The end of ‘mass universities’

In the late sixties and seventies, we wanted universities to become more accessible. We founded the Open University, the Université du Québec, and many other universities with accessibility as part of their mandate.

The stated goal was to make degrees more accessible. We succeeded.

Yet, we are now facing an intriguing paradox due to this success. Technology, by making access easier than ever to access educational content, is also shaking the very foundation of the University. As an example of this transformation,  Michael Nielsen was pointing out this morning that you can watch 120 hours of lectures on Physics by Lenny Susskind, for free on YouTube. You are in deep trouble if what you are selling in 2009 are mass-produced lectures. The market price just went through the floor.

Lance Fortnow pointed us to a short essay by Martin Rees about technology and universities. Rees’ point is that technology creates a more level playing field as far as location is concerned. A hundred years ago, airplanes made it possible for Indian Mathematicians to travel to Cambridge where they could be taken seriously. In some sense, airplanes made Indian Mathematicians more globally competitive, though only marginally so. The Web—with repositories such as arXiv—pushes this idea further, an order of magnitude further. After all, Gregori Perelman won a million dollar and the equivalent of a Nobel prize by posting a few papers on arXiv.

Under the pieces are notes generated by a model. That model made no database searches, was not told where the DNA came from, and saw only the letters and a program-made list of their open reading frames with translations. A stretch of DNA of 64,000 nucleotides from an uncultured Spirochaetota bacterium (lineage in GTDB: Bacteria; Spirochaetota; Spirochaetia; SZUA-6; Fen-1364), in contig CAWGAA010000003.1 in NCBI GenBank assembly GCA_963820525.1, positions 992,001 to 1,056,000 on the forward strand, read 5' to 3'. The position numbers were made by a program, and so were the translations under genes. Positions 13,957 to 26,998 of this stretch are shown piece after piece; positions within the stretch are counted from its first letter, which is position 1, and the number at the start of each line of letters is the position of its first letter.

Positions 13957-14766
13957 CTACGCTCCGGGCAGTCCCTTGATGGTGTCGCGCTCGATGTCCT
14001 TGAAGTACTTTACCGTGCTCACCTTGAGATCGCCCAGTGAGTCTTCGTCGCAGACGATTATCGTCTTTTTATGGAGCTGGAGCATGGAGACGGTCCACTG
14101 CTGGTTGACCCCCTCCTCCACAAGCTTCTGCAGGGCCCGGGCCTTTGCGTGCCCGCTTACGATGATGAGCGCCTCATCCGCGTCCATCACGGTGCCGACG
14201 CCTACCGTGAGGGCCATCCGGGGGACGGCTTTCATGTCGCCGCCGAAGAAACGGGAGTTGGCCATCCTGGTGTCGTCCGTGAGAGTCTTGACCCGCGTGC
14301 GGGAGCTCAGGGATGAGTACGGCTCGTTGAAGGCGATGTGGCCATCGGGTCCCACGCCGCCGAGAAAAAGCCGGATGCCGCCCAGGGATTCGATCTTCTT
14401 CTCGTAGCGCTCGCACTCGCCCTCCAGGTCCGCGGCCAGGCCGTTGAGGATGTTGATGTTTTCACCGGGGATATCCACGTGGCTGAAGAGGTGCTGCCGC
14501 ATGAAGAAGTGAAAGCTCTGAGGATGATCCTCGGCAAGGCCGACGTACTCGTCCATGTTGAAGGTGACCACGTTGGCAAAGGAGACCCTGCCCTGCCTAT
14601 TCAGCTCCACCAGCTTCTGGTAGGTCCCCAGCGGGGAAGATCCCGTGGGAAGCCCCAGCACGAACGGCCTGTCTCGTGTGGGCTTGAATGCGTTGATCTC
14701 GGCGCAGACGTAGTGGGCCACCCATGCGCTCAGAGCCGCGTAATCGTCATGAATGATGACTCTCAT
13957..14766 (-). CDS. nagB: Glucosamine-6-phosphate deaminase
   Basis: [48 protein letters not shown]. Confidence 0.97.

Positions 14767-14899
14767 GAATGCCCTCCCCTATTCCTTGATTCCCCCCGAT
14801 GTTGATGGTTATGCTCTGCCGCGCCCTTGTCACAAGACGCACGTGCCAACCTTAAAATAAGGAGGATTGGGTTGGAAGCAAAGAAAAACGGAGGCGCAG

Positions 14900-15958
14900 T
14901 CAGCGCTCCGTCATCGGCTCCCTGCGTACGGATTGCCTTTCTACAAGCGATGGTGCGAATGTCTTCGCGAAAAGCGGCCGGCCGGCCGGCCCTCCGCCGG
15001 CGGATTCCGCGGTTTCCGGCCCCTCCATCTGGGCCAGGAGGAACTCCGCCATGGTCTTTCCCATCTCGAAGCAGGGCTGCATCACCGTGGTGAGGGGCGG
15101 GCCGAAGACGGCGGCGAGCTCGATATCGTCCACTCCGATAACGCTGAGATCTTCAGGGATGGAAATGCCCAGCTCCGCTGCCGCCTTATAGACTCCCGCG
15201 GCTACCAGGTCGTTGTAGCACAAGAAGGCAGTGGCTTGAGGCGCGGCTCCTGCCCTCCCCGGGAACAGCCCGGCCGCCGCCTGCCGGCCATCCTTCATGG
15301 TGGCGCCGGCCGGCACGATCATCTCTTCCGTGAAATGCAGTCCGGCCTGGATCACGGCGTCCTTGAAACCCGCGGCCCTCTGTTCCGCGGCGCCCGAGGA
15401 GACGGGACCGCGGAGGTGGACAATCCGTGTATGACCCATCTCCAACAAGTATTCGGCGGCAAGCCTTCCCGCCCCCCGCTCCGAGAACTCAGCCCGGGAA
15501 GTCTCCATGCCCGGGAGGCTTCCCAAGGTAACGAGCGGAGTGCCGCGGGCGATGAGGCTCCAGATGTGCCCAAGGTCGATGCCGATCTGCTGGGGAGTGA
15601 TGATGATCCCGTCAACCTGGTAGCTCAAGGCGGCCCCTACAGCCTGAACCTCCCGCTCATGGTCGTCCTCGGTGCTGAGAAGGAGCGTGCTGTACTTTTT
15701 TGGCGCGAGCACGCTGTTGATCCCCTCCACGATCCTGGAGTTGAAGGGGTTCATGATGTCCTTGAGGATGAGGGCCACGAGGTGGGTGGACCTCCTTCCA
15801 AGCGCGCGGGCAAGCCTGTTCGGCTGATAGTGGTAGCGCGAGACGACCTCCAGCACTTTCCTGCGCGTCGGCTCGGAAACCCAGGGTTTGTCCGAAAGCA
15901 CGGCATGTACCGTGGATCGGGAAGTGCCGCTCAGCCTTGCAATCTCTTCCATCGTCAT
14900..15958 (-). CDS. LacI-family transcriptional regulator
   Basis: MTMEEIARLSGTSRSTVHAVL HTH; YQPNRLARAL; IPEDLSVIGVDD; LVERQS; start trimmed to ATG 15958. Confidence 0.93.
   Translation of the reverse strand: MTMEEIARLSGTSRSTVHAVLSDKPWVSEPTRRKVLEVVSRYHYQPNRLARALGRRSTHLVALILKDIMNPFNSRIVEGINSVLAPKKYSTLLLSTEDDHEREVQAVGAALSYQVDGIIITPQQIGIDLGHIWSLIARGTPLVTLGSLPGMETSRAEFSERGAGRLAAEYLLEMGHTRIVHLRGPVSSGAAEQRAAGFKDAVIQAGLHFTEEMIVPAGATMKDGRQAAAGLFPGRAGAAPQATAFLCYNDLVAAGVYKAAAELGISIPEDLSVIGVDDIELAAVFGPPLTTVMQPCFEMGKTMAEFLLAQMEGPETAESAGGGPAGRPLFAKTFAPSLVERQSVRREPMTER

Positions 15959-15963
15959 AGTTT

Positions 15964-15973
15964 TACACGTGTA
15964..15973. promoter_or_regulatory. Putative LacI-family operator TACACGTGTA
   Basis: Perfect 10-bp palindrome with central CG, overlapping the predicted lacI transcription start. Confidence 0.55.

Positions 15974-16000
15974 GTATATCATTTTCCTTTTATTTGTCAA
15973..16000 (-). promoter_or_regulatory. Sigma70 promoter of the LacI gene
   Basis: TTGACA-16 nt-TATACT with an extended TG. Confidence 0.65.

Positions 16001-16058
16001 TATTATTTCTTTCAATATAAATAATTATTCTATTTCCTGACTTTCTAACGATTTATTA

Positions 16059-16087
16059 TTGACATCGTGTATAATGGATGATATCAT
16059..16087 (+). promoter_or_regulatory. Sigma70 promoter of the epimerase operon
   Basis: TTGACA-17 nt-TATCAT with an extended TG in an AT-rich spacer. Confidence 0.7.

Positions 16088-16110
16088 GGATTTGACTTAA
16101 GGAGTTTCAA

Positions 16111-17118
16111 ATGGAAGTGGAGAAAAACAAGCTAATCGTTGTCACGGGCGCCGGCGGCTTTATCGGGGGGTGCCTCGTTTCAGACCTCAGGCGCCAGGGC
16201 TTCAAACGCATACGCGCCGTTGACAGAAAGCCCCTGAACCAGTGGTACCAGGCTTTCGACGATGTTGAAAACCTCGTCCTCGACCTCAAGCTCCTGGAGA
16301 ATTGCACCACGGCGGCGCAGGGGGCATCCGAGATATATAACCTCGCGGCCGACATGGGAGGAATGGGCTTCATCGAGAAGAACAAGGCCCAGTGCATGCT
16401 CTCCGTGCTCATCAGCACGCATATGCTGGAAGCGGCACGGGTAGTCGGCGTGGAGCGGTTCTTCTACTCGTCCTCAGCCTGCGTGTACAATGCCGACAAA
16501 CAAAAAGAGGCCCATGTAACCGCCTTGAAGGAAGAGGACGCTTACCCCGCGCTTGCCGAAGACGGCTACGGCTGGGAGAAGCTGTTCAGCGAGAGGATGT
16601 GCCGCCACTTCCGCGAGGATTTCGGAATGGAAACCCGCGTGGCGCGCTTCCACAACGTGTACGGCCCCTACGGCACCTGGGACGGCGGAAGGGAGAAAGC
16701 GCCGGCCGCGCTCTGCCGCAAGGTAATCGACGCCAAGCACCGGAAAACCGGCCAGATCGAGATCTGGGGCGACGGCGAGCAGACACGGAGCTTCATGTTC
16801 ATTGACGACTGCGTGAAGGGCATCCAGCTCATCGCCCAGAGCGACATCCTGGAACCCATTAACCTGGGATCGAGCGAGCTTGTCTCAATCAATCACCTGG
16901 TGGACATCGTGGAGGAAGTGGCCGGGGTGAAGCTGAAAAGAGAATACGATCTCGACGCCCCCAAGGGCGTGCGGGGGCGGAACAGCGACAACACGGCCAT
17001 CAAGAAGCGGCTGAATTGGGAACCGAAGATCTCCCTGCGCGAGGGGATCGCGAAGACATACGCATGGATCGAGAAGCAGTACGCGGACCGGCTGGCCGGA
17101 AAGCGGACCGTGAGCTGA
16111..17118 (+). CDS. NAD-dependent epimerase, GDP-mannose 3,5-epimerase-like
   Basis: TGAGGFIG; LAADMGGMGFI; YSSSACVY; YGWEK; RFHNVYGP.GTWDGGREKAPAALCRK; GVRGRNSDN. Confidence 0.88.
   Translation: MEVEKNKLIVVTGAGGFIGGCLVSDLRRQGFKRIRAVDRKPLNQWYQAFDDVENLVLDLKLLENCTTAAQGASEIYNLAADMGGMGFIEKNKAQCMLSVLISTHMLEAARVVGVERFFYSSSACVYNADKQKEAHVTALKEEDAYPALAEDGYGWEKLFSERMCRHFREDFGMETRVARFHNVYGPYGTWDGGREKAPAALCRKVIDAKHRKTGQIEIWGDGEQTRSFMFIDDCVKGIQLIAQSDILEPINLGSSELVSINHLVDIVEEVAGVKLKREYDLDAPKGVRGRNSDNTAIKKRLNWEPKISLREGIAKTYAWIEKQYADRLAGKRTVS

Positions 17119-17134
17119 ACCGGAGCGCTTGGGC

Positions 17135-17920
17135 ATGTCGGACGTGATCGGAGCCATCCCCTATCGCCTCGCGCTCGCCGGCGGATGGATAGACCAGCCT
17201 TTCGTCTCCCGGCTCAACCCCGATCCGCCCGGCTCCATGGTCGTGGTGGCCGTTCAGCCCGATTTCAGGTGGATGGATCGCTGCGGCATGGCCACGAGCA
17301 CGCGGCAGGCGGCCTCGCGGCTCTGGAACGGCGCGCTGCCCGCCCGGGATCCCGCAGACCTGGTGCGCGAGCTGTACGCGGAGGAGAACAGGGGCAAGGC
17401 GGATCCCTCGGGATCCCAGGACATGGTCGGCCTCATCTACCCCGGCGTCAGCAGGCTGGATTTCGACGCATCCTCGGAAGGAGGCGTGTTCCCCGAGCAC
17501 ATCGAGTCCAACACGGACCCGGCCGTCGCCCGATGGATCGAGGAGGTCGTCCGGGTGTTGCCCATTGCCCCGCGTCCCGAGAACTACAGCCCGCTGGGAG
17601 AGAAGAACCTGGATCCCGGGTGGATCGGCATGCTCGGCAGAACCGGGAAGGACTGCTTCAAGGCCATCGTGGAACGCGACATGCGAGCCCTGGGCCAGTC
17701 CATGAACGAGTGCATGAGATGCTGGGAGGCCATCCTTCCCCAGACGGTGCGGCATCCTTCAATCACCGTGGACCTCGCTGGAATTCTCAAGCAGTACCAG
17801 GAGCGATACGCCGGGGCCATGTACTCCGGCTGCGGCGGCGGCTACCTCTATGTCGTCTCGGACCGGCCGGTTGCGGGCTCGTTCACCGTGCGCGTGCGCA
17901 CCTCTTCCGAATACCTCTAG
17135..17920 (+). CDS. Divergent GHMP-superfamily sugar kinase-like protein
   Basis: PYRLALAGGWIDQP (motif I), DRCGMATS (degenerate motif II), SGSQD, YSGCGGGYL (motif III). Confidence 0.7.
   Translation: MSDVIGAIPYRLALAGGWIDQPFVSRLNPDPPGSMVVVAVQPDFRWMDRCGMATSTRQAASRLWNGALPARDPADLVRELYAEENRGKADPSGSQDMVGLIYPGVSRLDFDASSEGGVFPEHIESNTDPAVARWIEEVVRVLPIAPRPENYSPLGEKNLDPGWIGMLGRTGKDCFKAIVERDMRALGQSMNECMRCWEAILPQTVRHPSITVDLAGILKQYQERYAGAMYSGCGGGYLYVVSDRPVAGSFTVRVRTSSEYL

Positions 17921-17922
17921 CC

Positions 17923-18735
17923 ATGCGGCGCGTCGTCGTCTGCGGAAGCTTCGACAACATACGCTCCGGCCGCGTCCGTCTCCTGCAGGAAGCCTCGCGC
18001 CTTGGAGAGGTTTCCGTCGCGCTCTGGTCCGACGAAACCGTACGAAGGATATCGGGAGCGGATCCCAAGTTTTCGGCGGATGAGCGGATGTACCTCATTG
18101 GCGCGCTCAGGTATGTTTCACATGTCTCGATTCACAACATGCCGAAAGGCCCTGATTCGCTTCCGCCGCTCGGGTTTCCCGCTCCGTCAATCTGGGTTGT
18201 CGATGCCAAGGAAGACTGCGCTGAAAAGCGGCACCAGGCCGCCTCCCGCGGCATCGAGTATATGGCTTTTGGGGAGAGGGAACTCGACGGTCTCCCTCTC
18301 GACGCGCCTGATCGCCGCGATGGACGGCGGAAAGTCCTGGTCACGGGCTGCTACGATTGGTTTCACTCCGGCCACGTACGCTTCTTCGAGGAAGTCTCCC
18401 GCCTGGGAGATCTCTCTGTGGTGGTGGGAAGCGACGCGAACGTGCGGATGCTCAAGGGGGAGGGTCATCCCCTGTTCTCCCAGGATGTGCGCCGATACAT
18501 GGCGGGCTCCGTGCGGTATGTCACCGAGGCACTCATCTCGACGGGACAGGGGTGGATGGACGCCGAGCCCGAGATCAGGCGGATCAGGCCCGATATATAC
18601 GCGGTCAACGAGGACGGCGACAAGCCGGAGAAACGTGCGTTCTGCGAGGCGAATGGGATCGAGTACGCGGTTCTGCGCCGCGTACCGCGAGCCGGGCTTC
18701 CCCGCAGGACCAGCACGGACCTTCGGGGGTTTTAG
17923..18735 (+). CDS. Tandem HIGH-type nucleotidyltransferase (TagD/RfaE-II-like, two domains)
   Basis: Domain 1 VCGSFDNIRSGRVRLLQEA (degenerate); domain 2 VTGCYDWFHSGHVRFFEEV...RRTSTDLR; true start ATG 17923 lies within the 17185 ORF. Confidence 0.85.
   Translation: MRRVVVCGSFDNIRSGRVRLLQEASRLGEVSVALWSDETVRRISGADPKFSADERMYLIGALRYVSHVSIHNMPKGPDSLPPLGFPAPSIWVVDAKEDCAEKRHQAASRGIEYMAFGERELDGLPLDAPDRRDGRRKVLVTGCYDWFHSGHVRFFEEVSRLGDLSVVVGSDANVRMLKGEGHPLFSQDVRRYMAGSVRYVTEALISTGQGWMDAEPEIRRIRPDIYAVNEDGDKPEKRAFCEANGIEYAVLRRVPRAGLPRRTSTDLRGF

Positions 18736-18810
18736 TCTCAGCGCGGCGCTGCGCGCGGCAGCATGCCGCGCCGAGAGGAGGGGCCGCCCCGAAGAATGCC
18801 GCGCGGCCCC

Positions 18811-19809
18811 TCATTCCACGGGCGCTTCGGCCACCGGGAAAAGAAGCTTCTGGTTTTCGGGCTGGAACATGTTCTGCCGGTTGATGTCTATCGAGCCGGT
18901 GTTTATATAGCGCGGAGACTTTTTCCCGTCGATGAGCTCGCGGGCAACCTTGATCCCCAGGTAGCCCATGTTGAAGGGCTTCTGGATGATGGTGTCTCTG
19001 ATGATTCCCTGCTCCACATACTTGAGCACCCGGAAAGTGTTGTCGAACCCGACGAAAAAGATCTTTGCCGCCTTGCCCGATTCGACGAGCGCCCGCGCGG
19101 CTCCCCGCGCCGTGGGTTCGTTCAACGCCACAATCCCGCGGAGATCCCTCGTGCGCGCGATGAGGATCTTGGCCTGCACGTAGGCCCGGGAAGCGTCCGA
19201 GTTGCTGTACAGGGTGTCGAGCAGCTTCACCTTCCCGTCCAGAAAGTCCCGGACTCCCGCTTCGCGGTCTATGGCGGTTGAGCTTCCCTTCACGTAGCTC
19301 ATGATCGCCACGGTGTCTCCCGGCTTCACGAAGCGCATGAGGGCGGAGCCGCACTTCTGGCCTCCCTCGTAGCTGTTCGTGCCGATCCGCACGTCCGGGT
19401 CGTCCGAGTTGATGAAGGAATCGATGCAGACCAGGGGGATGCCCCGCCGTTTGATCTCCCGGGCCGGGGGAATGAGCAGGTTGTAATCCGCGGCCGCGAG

The revolution is all around us, not just in Science. Recently, an unknown writer, Sam Landstrom, posted his novel MetaGame on the Amazon Kindle. No publisher, no ad campain. Sales rank of his novel? 540. Considering that Amazon reported selling more ebooks than paper books over Christmas, I am sure many authors envy Landstrom success. Yet, Landstrom did not need an office New York City to either write or publish his book. For all I know, he lives in his parents’ basement.

Thankfully, bona fide Universities have some form of monopoly on University degrees. Yet, like Rees, I think that we are coming to the end of the road for mass universities:

Traditional universities will survive insofar as they offer mentoring and personal contact to their students. But it’s less clear that there will be a future for the ‘mass university’ where the students are offered little more than a passive role in lectures (generally of mediocre quality) with minimal feedback.

One thing is clear to me: The value of a lecture in front of 80 students—or the equivalent as a webcasted show—is exactly zero. (From an educational point of view.)

Published by

Daniel Lemire

A computer science professor at the University of Quebec (TELUQ).

19 thoughts on “The end of ‘mass universities’”

  1. A good lecturer can adjust the lecture according to (non-verbal) student feedback. On the other hand, some lecturers are not so responsive and may as well be on video.

    I remember spending about 20 hours per week preparing a class for about 20 students several years ago. It occurred to me that my class might learn more if I scrapped the lecture and met with each student for one hour a week.